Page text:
KERRY Madsen won the first of his three Grand Annual Sprintcar Classic titles in 2005 driving his own car.
“It was a family operation. We went and raced because we wanted to,” the former Sydneysider said yesterday.
He is about to start his fourth season driving for the Bob and Peter Gavranich-owned Keneric Racing on the World of Outlaws circuit.
“For me it’s natural, you want to go where the toughest competition is and the biggest tracks are,’’ Madsen said.
‘‘The USA was where you had to go and do that.”
The rise of Madsen from self-funded driver to World of Outlaws regular is one of the great success stories of Australian sprintcar racing.
The “Mad Man”, who grew up in St Marys, New South Wales, has raced on the Outlaws circuit since 2007, when he was rookie of the year.
He has spent the past three years with Keneric Racing, which in 2011 became just the second Australian team to tackle the series.
“We’re based over there, in Knoxville, Iowa,” Madsen said yesterday.
“We’re getting geared up for the 2014 season. We’ve got 95 (race) days over eight months.
“It involves a lot of preparation and equipment.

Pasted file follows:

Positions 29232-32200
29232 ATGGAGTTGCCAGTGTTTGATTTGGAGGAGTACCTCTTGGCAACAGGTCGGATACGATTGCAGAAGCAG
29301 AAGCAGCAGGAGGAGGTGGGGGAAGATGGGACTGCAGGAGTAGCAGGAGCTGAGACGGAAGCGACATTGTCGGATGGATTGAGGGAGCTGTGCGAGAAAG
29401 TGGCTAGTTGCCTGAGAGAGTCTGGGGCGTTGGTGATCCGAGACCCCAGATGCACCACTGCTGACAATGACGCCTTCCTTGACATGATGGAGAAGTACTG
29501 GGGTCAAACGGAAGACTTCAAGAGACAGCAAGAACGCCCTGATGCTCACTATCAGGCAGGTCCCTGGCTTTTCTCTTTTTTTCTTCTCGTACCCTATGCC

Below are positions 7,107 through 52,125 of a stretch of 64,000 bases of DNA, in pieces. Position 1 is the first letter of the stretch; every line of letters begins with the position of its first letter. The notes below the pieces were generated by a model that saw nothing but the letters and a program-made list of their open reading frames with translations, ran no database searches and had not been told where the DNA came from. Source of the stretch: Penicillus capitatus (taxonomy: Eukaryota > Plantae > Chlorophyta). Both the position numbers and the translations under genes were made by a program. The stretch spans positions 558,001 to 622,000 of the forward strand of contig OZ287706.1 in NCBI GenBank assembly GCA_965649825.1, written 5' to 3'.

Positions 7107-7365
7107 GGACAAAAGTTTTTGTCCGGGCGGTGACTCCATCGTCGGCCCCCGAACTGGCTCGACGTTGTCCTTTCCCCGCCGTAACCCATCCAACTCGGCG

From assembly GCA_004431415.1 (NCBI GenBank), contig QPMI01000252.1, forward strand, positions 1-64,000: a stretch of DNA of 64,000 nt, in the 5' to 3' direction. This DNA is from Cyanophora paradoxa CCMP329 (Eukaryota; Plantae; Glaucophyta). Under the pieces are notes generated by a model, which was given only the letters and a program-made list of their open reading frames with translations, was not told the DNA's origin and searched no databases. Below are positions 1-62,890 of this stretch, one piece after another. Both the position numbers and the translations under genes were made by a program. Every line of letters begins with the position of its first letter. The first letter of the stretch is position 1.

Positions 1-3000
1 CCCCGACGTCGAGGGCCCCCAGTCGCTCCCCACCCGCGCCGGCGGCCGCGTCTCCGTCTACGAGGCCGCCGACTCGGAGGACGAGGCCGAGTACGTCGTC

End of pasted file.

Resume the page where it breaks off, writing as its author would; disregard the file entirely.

‘‘Then we’ve put a corporate sponsorship deal together with American Racing Wheels.
“So we’ve been over there making sure that is going to perfection.
‘‘It’s led to an abbreviated season here but I couldn’t miss the Classic.”
Madsen is among the 114-strong field for the 42nd Lucas Oil Grand Annual Sprintcar Classic, which starts at Allansford’s Premier Speedway tonight.
The three-time champion is part of night one action, just days after landing back in Australia — and he will return to the US on Tuesday.
He broke through for the Classic title in 2005 and made it three in a row by winning in 2007 and 2008, with rain washing out the 2006 edition.
But Outlaws’ preparations meant he missed the event last year for the first time since making his debut in the mid-1990s.
“We weren’t going to be ready in time, so we made a decision not to come, which was a bit of a heartbreaker,” he said.
“This season we almost fell into the same trap.
‘‘But Pete Gavranich has put together a really nice program for Australia.”
Madsen said the team was coming to Warrnambool to win the Classic but acknowledge the field was the strongest in race history.
He believed the gap between the quality of racing in Australia and America had narrowed, a consequence of the rise of technology and the internet.
“There has been a revolution in the sprintcar industry itself. Parts and pieces and technology and information have become readily available,” he said.
“And we’ve seen so many of the owners put such financial commitments into the teams to make them as big as they are.
“We didn’t have that years ago. In the mid-90s if you had a 20-foot box truck you were bad ass. Now look at the rigs.”